The NPA’s un­holy trin­ity D

CityPress - - Voices - Mondli Makhanya voices@ city­press. co. za

ur­ing her speech at the Kader As­mal Hu­man Rights Lec­ture this week, for­mer Con­sti­tu­tional Court Jus­tice Yvonne Mok­goro quoted the late Is­mail Ma­homed’s warn­ing about what hap­pens when the pow­er­ful in so­ci­ety ig­nore court or­ders.

In a sem­i­nal ad­dress at an in­ter­nal ju­rists’ con­fer­ence in Cape Town in 1998 the then chief jus­tice warned that if judg­ments were rou­tinely ig­nored “the courts could easily be re­duced to pa­per tigers with a fe­ro­cious ca­pac­ity to snarl and roar but no teeth with which to bite and no sinews to ex­e­cute their judg­ments, which may then be mock­ingly re­duced to pieces of ster­ile schol­ar­ship, tooth­less wis­dom and pi­ous po­etry”.

He cau­tioned that “the po­ten­tially awe­some the­o­ret­i­cal power of the ju­di­ciary in the Con­sti­tu­tion could in those cir­cum­stances im­plode into noth­ing­ness”.

The same prin­ci­ple could also be ap­plied to the in­tegrity of the pros­e­cu­to­rial au­thor­ity. One could easily para­phrase Ma­homed and say that, with­out in­tegrity, the au­thor­ity could be re­duced to a pa­per­less tiger that is un­able to en­sure jus­tice for the vic­tims of crime.

The case of three pow­er­ful in­di­vid­u­als in the Na­tional Pros­e­cut­ing Au­thor­ity (NPA) – Nomg­cobo Jiba, Lawrence Mr­webi and Si­bongile Mziny­athi – calls for us to think about whether the in­sti­tu­tion could be re­duced to that tooth­less­ness as a re­sult of the cor­ro­sion of its in­tegrity. The trio have been ac­cused of se­ri­ous dis­hon­esty by three dif­fer­ent courts as a re­sult of their con­duct and tes­ti­monies. In Jiba’s case, they have stopped just short of call­ing her a liar.

It was with this in mind that erst­while na­tional di­rec­tor of public pros­e­cu­tions Mx­olisi Nx­as­ana set out to give ef­fect to the find­ings of the courts. Writ­ing in the NPA’s an­nual re­port, which was re­leased this week, Nx­as­ana re­veals that in July last year he so­licited an in­de­pen­dent le­gal opin­ion about the steps he should take in the wake of the pro­nounce­ments of the courts. The opin­ion of the in­de­pen­dent se­nior coun­sel was that dis­ci­plinary ac­tion be taken and a crim­i­nal in­ves­ti­ga­tion for per­jury be in­sti­tuted against the three. The coun­sel also rec­om­mended that the pres­i­dent, who is the only one con­sti­tu­tion­ally en­abled to act against an NPA head and his or her deputies, be asked to sus­pend the trio.

Nx­as­ana says of the le­gal opin­ion: “The fact that they mis­led the court and were pre­pared to lie un­der oath not only in­di­cates a strong prima fa­cie case of se­ri­ous mis­con­duct but also casts grave doubt on their fit­ness to hold of­fice”.

Armed with this opin­ion, he ap­proached Jus­tice Min­is­ter Michael Ma­sutha, ask­ing that Pres­i­dent Ja­cob Zuma sus­pend the three of­fi­cials pend­ing an in­ter­nal process and crim­i­nal in­ves­ti­ga­tions. He also wanted the Gen­eral Coun­cil of the Bar to look into their con­tin­ued mem­ber­ship of the le­gal pro­fes­sion.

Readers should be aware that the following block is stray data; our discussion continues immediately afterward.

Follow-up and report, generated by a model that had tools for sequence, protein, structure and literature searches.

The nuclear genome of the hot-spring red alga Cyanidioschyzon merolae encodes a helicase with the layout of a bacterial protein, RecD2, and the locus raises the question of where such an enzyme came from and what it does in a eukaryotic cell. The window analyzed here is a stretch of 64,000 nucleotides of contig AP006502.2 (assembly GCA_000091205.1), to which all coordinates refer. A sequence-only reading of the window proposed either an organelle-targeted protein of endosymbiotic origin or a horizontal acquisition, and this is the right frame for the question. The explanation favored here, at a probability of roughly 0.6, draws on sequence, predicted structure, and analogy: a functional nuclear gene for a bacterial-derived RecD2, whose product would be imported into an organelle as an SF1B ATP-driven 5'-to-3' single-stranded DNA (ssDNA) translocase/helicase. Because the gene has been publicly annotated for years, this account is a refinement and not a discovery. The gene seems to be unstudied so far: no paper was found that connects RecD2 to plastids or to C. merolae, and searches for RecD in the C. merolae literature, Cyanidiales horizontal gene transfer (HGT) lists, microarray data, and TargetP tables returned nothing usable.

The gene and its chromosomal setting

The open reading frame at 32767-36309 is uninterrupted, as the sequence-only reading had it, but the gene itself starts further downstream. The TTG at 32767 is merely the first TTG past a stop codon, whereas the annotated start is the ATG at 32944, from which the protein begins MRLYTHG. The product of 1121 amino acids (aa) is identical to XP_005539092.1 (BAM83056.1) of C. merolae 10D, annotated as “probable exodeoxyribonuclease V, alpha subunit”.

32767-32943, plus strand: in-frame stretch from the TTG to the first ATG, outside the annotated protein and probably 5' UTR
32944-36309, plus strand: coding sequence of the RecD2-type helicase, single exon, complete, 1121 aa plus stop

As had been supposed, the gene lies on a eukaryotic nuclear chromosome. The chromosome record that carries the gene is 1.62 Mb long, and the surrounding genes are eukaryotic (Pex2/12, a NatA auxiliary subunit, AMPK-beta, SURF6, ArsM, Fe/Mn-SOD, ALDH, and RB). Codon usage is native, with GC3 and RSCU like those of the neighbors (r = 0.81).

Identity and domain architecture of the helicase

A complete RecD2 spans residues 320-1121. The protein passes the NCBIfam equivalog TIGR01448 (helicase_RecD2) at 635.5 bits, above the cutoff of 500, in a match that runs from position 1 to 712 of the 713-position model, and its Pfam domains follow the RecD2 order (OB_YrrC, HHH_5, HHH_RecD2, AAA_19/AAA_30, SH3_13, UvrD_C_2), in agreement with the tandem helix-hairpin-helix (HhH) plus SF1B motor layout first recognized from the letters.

Fur­ther­more, the min­is­ter would also tell Zuma that, due to the se­nior­ity of the three in­di­vid­u­als, an out­side com­mit­tee – in this case headed by re­tired Con­sti­tu­tional Court Jus­tice Zak Ya­coob – would con­duct the in­ves­ti­ga­tion.

Ac­cord­ing to Nx­as­ana’s re­port, by Septem­ber Ma­sutha had still not in­formed Zuma about de­vel­op­ments at the NPA. He says af­ter re­al­is­ing that “fail­ure to bring these se­ri­ous mat­ters to the at­ten­tion of the pres­i­dent [was] caus­ing a cred­i­bil­ity cri­sis to the NPA as whole”, he wrote to the head of state and per­son­ally de­liv­ered the let­ter to him. Nx­as­ana up­dated Ma­sutha about the go­ings-on at the NPA and about his di­rect let­ter to Zuma dur­ing Septem­ber. He asked him to speak to Pres­i­dent Zuma about the pro­posed sus­pen­sions “as a mat­ter of ur­gency”.

Time passed. Noth­ing hap­pened. The pres­i­dent did not re­spond. Ma­sutha did not re­spond.

In the mean­time, the Ya­coob com­mit­tee fin­ished its work, the gen­eral coun­cil ap­plied to the high court to have the three re­moved or sus­pended from the ad­vo­cates’ roll, Jiba’s crim­i­nal case be­gan and per­jury charges were laid against all three.

Nx­as­ana writes: “In spite of the above­men­tioned ur­gent re­quests di­rected to the min­is­ter and the pres­i­dent and the out­stand­ing crim­i­nal pro­ceed­ings against ad­vo­cates Jiba, Mr­webi and Mziny­athi, no feed­back has been re­ceived from the min­is­ter or the pres­i­dent.”

He ends off by stat­ing: “It is im­por­tant for the min­is­ter and the pres­i­dent to ful­fil their con­sti­tu­tional man­date and act as a mat­ter of ur­gency.” Nx­as­ana signed off on his re­port at the end of May. By June 1, he had been en­ticed out of of­fice – with a R17 mil­lion hand­shake.

NPA vet­eran Shaun Abra­hams now sits in Mr­webi’s for­mer of­fice. Down the cor­ri­dor are Jiba, Mr­webi and Mziny­athi – the paragons of in­tegrity who must help him pros­e­cute “with­out fear, favour and prej­u­dice”.

In­di­ca­tions are that Ma­sutha and Pres­i­dent Zuma have not the slight­est in­ten­tion of do­ing any­thing about the fact that this in­sti­tu­tion is in the hands of peo­ple about whom the courts have said the most vi­cious things.

It’s sick­en­ing. They started ahead of the whole Chief Ex­ec­u­tive Poverty Porn Sleep­Out non­sense

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